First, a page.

Bernie Sanders to Bring Yemen War Powers Resolution to the Senate Floor

Call 1-833-Stop-War to tell your senator to support the legislation, which would end US support for the Saudi war and blockade on Yemen

Sen. Bernie Sanders (I-VT) told The Intercept on Monday that he could bring a Yemen War Powers Resolution to the floor of the Senate for a vote “hopefully next week.”

The resolution would end US support for the brutal Saudi-led war and blockade on Yemen. According to the UN, the war and blockade have killed at least 377,000 people, more than half of which are children under the age of five.

A version of the resolution has been introduced in the House and Senate, and both have received strong bipartisan support, with over 100 co-sponsors in the House. When asked by The Intercept if he will have enough votes to pass the resolution, Sanders said, “I think we do, yes.” A similar resolution made it through Congress in 2019, but the measure was vetoed by President Trump.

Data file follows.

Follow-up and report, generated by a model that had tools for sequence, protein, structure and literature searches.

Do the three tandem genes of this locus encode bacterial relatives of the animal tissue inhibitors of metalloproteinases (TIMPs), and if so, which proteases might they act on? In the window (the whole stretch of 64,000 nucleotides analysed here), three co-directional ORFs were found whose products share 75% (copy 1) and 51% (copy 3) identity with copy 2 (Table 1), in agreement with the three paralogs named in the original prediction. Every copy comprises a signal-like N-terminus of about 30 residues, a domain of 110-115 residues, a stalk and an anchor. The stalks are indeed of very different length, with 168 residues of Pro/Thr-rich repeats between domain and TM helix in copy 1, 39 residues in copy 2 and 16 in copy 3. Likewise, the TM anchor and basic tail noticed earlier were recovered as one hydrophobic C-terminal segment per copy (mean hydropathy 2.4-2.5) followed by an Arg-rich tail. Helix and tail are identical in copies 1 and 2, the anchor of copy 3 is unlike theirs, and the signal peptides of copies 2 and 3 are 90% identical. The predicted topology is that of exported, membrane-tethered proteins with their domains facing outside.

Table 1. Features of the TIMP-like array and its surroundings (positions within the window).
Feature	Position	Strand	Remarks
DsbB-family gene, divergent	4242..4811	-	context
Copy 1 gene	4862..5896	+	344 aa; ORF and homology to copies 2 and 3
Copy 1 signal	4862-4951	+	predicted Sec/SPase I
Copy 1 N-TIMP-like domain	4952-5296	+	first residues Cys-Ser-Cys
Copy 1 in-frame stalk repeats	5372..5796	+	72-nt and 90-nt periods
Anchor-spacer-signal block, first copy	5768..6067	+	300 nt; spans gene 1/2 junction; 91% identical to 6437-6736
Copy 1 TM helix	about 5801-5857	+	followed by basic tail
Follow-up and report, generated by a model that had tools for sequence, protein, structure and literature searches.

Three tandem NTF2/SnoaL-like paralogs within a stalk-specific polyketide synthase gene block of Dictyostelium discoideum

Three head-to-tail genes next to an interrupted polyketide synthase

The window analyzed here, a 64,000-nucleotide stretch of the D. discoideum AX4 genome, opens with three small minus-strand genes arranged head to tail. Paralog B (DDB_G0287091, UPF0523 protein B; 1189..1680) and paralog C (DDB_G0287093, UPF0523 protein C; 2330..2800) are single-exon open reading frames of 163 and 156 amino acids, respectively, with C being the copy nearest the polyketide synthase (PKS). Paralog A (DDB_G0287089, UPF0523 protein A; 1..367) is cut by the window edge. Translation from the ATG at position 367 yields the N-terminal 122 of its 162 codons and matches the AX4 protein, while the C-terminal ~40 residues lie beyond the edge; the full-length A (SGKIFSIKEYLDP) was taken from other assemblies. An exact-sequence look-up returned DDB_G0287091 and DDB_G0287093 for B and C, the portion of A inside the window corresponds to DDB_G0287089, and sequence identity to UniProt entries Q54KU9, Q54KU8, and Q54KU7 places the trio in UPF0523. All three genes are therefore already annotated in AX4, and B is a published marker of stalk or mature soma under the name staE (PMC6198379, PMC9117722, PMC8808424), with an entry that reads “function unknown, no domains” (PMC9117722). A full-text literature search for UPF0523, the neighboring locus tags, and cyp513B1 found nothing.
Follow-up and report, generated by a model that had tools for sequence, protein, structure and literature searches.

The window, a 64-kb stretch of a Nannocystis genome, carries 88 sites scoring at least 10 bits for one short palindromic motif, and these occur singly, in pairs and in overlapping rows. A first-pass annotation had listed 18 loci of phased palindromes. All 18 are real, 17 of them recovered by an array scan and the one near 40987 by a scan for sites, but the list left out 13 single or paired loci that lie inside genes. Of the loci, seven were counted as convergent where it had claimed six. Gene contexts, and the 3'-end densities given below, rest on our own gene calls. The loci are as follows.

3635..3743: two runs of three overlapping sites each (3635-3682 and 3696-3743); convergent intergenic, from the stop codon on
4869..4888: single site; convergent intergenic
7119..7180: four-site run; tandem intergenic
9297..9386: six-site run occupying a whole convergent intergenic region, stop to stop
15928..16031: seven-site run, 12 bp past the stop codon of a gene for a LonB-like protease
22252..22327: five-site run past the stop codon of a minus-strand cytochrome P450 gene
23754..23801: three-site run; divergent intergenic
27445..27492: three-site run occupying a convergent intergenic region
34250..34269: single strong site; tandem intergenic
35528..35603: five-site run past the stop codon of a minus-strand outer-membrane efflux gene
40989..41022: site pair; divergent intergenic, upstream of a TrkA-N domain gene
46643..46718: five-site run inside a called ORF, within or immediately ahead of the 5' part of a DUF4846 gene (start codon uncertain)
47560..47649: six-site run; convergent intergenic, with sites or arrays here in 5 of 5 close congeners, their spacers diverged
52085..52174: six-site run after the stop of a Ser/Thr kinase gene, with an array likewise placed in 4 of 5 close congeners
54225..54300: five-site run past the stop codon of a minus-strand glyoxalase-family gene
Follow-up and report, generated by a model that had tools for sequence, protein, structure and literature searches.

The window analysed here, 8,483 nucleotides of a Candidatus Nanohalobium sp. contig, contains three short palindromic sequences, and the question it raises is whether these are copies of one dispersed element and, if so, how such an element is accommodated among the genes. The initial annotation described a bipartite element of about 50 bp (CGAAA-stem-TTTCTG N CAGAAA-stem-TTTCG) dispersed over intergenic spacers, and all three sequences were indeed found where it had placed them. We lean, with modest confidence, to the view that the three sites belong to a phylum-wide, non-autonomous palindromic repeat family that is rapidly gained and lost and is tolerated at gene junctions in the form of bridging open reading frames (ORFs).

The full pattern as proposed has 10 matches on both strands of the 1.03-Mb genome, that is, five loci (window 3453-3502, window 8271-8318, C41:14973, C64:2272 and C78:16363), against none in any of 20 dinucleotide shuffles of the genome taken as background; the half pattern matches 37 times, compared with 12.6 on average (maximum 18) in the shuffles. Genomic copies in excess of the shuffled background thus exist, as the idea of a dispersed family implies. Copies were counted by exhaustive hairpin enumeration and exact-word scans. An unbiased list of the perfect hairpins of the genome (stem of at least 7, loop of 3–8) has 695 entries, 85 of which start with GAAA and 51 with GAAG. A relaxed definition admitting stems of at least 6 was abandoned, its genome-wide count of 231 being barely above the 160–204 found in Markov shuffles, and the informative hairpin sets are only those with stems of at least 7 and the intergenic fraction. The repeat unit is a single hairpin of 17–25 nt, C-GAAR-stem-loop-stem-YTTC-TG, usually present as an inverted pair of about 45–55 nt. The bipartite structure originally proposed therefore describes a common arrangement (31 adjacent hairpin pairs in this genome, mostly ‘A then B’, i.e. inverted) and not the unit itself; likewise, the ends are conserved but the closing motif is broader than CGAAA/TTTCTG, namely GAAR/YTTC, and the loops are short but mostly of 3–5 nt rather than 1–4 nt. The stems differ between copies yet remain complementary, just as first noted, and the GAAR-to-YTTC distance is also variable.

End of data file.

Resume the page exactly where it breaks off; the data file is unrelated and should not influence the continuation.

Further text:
Americans can call 1-833-Stop-War to get connected to their senators and representatives and urge them to support the legislation that could bring an end to the over seven-year war. Go to for more information and for helpful prompts on what to say when connected.

Violence has been down in Yemen this year thanks to a ceasefire that was enacted from March to October. Since the ceasefire expired, there have been no reported Saudi airstrikes in Yemen or Houthi attacks inside Saudi Arabia. But there has been increased fighting on the ground, and while the blockade has been eased since the ceasefire, it hasn’t been fully lifted.

Sanders’s plan to bring the resolution to a vote comes after influential Democrats called to fundamentally change the US-Saudi relationship in response to the OPEC+ cuts in oil production that were announced in October.

Cutting off US support for Riyadh would effectively ground the Saudi air force since it’s so reliant on US maintenance. Since the war started in 2015, the US-backed coalition regularly bombed civilian targets in Yemen, and civilian casualties spiked earlier this year, right before the ceasefire was reached in March.

Author: Dave DeCamp

Dave DeCamp is the news editor of, follow him on Twitter @decampdave.